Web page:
A Place to Stand
2017 sees the 500th anniversary of the launch of the Reformation. To mark that anniversary, Primer issue 04 is on the doctrine of justification. It’s published this weekend and we asked David Shaw to give us an introduction.
Martin Luther’s introduction to his Commentary on Romans describes it as follows:
“It can never be read or pondered on too much and the more it is dealt with, the more precious it becomes and the better it tastes.”
But it’s not all good news. As Luther laments, Paul’s letter has also been “evilly darkened by commentaries and all kinds of idle talk.”
Romans then: delicious, but disputed. And we might say the very same things about the doctrine of justification.
We chose it as a topic for Primer issue 04 because the more it is dealt with, the more precious it becomes and the better it tastes. It is a delicious doctrine, one that speaks to us of a God who justifies the ungodly, who welcomes sinners. And it is a transformative doctrine, inviting us to extend the same welcome to others that we have experienced from God.
But justification is also the subject of all kinds of idle talk and has been evilly darkened over the centuries. For that reason, one of the great slogans of the Reformation was post tenebras lux – “after the darkness, light.”
And so, in this anniversary year, celebrating 500 years since Luther launched the Protestant Reformation, we also want to help churches to understand their roots and to preserve and protect the truth of the gospel. That means understanding the context of the Reformation and it means understanding something of the ongoing debates about justification.
So with those things in mind, let me introduce you to Primer issue 04:
Matthew Barrett gives us a bird’s eye view of church history from Augustine to Luther, focussing on the ways in which grace and justification are understood. Along the way we meet some of the key figures – Pelagius, Aquinas, Gabriel Biel – who help make sense of the Reformation. What becomes clear is that the debates are really about human nature. To what extent are we able to win God’s favour or activate his blessing? These are vital issues and Matthew carefully guides us through them.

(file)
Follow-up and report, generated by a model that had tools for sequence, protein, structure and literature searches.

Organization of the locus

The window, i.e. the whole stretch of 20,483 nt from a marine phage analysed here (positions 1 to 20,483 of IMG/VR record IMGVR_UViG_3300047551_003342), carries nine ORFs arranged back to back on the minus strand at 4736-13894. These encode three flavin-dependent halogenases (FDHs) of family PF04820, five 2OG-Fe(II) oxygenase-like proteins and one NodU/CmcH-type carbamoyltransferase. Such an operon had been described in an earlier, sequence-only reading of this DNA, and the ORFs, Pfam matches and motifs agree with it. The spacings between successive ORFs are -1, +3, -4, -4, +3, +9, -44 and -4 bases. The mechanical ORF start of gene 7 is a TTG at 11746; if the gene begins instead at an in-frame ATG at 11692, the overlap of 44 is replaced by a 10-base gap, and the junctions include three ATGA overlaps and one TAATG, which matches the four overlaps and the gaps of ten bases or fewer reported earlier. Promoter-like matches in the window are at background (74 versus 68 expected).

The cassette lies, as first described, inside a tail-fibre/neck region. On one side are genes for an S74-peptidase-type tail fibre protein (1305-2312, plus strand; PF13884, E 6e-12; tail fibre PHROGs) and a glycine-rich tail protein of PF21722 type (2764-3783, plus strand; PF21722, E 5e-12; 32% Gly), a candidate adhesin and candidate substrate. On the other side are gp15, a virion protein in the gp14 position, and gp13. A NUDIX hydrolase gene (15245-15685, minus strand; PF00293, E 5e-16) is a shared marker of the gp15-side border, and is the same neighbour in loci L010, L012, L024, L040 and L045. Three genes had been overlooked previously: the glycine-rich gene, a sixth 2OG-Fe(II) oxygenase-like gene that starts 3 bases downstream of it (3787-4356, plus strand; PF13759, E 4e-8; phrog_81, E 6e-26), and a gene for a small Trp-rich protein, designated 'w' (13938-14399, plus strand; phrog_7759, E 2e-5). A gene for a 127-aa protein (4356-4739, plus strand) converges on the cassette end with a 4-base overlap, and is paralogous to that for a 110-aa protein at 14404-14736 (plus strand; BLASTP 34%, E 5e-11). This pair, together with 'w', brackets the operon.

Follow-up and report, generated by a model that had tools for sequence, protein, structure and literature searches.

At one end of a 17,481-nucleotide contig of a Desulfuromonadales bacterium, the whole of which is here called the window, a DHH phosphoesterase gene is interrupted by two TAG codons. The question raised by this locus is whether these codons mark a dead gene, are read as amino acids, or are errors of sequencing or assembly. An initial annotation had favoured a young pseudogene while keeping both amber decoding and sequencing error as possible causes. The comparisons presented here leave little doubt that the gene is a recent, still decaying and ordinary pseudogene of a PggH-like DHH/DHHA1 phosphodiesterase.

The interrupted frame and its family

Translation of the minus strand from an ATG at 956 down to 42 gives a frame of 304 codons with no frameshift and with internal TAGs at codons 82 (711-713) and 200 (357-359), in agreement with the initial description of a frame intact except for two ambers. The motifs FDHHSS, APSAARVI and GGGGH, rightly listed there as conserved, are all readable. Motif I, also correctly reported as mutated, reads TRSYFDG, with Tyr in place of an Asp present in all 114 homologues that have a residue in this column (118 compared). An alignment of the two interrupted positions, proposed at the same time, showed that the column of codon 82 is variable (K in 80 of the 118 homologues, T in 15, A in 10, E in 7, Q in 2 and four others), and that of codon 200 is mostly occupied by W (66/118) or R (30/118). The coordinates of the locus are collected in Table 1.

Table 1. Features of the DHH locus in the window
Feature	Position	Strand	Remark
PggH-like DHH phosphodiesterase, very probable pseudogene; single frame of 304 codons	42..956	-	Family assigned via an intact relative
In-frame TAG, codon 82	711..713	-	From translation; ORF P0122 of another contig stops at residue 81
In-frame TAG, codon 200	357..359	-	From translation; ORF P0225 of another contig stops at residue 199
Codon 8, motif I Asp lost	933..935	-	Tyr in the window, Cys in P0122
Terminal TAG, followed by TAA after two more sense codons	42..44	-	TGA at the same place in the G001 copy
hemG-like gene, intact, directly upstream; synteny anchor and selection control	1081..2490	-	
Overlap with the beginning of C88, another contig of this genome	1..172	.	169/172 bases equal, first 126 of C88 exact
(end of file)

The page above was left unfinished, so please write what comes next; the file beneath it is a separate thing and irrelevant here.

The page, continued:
We then move forward to the 17th century with an extract from John Owen. “The Prince of Puritans” was a great champion of justification and defended it in his day against several challenges. Anyone interested in Christian theology ought to read some John Owen sometime, but he is a challenging read. As ever though, we want you to make some old friends by reading Primer and so we have Paul Gibson introducing John Owen and annotating the extract to help you navigate it. There is gold in them there hills, and Paul helps us to see how precious it is.
Next up we have Gregg Allison, a leading authority on contemporary Roman Catholicism, helping us understand whether the Reformation is still relevant to how Protestants and Catholics relate. He carefully lays out both positions and highlights a number of ongoing and significant differences.
Yet more challenges to the Reformed doctrine of justification have emerged in recent decades. There is what’s known as the New Perspective (made popular by former bishop Tom Wright) which argues that we have wrongly projected 16th century questions about individual sinners and their guilty consciences back onto the 1st century.
Within New Testament scholarship there are others wanting to argue that Paul combines Protestant and Catholic ideas, or that our whole conception of God as a God of retributive justice punishing sinners needs re-thinking.
These might seem like irrelevant debates to many of us, but these ideas filter down and are being embraced more and more widely. Of course we don’t need to know all the intricacies of the debates and that’s why we asked David Starling to sift through them, drawing out what gospel workers need to know and what we can learn. As someone who spends a lot of his time working in this area, I can tell you David’s done a great job here – it’s really worth strapping in and digesting his argument.
Finally we have two articles that help us put justification to work in the local church. I’ve written a piece trying to explore what difference justification makes to how we live and then Steve Timmis serves up some more gold, answering some of our questions about how to think about, teach and illustrate justification by faith in ways that connect and engage.
A Place to Stand is now available from The Good Book Company. Buy it now.
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